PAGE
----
corvus

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See also: Corvus

Latin[edit]

corvus (a raven)

Etymology[edit]

From Proto-Indo-European *ḱorh₂wós, imitative of harsh sounds (compare Middle Irish crú, Lithuanian šárka (magpie), Serbo-Croatian svrȁka (magpie), Ancient Greek κόραξ (kórax), Old English hræfn), from *ḱer- (compare Latin crepō (I creak, crack), Sanskrit कृपते (kṛ́pate, he laments, implores)) + *-wós (whence Latin -vus).

Pronunciation[edit]

Noun[edit]

corvus m (genitive corvī); second declension

  1. A raven; a bird associated with prophecy and sacred to Apollo.
  2. (nautical) A gangplank, used in Roman naval combat for boarding enemy ships.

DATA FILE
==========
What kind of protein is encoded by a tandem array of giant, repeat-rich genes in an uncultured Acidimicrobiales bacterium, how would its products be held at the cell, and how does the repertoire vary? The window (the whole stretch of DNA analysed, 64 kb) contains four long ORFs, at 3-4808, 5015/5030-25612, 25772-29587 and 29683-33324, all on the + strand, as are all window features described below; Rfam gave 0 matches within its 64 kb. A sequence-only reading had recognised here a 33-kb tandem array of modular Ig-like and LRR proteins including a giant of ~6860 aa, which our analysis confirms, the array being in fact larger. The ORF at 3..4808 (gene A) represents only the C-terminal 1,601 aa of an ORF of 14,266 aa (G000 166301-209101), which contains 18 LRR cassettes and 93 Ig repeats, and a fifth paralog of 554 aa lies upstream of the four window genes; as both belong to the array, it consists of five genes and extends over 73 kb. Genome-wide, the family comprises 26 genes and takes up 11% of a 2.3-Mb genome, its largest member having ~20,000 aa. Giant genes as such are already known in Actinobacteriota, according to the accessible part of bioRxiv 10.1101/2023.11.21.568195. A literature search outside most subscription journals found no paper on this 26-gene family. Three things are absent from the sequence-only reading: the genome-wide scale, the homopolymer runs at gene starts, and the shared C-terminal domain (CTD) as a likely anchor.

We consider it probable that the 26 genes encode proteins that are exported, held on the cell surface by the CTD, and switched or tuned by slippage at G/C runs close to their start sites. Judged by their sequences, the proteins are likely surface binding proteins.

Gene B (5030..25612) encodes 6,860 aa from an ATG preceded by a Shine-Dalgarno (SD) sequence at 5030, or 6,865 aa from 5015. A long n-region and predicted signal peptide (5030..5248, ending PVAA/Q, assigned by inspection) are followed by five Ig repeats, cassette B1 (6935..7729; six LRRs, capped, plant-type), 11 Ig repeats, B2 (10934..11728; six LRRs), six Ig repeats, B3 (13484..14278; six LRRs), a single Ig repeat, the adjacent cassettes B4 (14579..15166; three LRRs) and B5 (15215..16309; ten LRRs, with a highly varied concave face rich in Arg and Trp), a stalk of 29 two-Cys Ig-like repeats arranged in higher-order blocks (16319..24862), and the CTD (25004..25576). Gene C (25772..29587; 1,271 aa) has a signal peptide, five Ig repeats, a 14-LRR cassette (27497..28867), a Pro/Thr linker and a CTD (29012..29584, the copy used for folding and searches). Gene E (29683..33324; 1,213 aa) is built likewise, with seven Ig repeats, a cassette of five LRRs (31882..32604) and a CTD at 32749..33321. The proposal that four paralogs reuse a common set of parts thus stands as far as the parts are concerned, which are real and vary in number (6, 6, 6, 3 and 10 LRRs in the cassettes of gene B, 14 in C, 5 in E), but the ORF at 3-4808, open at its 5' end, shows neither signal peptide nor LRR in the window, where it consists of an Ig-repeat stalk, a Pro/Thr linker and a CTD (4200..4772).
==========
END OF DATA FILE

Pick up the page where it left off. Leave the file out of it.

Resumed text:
Inflection[edit]

Second declension.

Case Singular Plural
nominative corvus corvī
genitive corvī corvōrum
dative corvō corvīs
accusative corvum corvōs
ablative corvō corvīs
vocative corve corvī

Coordinate terms[edit]

Derived terms[edit]

Descendants[edit]

See also[edit]

References[edit]

  • corvus in Charlton T. Lewis and Charles Short (1879) A Latin Dictionary, Oxford: Clarendon Press
  • corvus in Charlton T. Lewis (1891) An Elementary Latin Dictionary, New York: Harper & Brothers
  • corvus” in Félix Gaffiot’s Dictionnaire Illustré Latin-Français, Hachette (1934)
  • corvus in Harry Thurston Peck, editor (1898) Harper's Dictionary of Classical Antiquities, New York: Harper & Brothers
  • corvus in William Smith, editor (1848) A Dictionary of Greek Biography and Mythology, London: John Murray
  • corvus in William Smith et al., editor (1890) A Dictionary of Greek and Roman Antiquities, London: William Wayte. G. E. Marindin